Beefy Boxes and Bandwidth Generously Provided by pair Networks
go ahead... be a heretic
 
PerlMonks  

regex match with interpolated pattern

by drock (Beadle)
on Aug 18, 2004 at 15:18 UTC ( #383991=perlquestion: print w/replies, xml ) Need Help??

drock has asked for the wisdom of the Perl Monks concerning the following question:

I have tried to match a pattern stored in a variable like so 08/14/04.
my $dm=08/14/04; open F, file while (<F>) { if ( $_ =~ /$dm/ ) { blah blah blah } if ( $_ =~ m/^\$dm/ ) if ( $_ =~ m/[$dm]/ )
I cannot get it to pull on certain dates from a file. My file looks like 08/14/04 timestampe exxxxx

20040819 Edit by broquaint: Changed title from 'reg exp'

Replies are listed 'Best First'.
Re: regex match with interpolated pattern
by hv (Parson) on Aug 18, 2004 at 15:23 UTC
    my $dm=08/14/04;

    Since the value isn't in quotes, this is actually a calculation involving two divisions. Try instead:

    my $dm = '08/14/04';

    Hugo

Re: regex match with interpolated pattern
by davorg (Chancellor) on Aug 18, 2004 at 15:24 UTC

    That code won't even compile. Please don't retype code. Paste your _real_ code into your post so that we have a chance of seeing what is really going wrong.

    --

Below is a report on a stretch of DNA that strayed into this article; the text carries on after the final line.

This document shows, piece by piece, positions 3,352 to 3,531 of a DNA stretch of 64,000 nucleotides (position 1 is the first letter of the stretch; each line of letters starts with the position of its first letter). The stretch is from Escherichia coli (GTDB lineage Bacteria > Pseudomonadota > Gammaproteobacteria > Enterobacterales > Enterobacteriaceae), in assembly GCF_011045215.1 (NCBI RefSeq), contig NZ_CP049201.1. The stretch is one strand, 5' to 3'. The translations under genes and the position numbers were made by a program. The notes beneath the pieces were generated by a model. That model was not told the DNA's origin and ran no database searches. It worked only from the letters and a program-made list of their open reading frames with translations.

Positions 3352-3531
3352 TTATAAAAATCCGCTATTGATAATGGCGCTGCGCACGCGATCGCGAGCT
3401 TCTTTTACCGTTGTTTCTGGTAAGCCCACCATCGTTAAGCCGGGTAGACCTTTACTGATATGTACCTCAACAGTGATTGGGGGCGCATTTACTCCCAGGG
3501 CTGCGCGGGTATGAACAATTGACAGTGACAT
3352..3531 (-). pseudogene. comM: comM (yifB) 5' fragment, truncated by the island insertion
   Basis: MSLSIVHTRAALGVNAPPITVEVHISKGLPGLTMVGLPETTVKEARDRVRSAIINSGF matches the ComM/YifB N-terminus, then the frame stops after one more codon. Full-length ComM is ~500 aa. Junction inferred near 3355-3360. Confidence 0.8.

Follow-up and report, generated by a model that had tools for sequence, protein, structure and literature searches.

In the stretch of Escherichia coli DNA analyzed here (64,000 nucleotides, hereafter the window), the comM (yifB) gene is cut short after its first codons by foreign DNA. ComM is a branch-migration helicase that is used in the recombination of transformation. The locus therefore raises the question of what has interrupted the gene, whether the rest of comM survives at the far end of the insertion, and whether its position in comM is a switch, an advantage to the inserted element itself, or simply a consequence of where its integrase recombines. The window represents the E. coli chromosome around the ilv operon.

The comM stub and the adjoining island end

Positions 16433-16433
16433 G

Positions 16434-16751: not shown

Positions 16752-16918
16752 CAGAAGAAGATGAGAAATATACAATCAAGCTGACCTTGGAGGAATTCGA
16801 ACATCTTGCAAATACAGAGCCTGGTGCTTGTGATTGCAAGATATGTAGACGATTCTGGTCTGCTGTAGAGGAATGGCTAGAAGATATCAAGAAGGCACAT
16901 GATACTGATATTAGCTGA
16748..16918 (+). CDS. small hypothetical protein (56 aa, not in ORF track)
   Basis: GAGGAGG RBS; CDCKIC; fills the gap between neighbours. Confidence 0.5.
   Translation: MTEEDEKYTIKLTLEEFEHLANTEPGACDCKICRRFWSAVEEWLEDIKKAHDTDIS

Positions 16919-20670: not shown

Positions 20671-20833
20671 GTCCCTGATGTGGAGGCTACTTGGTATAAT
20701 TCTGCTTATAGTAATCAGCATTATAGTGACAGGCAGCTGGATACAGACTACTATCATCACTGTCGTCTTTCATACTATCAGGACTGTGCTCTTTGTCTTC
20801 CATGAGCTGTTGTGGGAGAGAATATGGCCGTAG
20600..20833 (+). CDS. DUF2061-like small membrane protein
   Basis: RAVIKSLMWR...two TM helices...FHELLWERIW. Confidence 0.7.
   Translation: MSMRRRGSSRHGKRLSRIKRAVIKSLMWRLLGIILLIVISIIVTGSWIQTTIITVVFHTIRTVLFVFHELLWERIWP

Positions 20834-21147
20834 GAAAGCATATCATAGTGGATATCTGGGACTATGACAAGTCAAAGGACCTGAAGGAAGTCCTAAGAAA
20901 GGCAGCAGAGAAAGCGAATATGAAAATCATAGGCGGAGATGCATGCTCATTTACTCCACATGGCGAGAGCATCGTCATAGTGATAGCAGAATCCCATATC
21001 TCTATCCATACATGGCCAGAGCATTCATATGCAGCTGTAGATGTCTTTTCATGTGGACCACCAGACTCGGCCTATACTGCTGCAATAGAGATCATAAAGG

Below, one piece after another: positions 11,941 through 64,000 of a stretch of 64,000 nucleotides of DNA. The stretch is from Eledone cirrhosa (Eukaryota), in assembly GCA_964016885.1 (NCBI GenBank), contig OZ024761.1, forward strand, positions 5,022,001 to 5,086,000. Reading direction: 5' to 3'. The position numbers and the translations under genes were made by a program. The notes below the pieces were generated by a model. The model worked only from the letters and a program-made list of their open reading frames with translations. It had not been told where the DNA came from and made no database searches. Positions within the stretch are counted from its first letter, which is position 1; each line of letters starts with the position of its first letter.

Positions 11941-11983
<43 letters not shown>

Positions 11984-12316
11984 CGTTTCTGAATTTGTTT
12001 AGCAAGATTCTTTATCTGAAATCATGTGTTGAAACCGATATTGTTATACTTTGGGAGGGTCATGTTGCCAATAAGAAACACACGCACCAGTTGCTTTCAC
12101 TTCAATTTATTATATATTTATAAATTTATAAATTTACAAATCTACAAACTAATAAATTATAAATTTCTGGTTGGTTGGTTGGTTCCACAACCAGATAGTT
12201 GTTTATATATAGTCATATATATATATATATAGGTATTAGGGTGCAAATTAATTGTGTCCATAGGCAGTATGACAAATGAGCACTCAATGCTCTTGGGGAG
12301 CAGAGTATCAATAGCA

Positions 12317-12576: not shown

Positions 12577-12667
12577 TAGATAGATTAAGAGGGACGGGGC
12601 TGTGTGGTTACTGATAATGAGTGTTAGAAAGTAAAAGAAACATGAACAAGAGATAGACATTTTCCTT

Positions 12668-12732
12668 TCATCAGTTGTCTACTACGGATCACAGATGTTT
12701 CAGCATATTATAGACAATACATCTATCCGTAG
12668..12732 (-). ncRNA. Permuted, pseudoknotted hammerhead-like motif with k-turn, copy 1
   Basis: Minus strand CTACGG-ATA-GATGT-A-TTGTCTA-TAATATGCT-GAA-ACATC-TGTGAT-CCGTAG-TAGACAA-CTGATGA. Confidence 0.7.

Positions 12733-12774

<http://www.dave.org.uk>

    "The first rule of Perl club is you do not talk about Perl club."
    -- Chip Salzenberg

Re: regex match with interpolated pattern
by dsb (Chaplain) on Aug 18, 2004 at 15:24 UTC
    You're date variable is using / as the delimiter. As a result you aren't matching the pattern you think you are. You could just use a different delimiter for your pattern.
    if ($_ = m%$dm%) { #stuff }
    Or you could call quotemeta() on your variable.
    my $dm = quotemeta($date);
    quotemeta() will escape all non-word characters.

    UPDATE: After reading hv's reply, I agree with him. SOmething didn't seem right to me as I was replying...he caught it though :)


    dsb
    This @ISA my cool %SIG
      You're date variable is using / as the delimiter. As a result you aren't matching the pattern you think you are. You could just use a different delimiter for your pattern.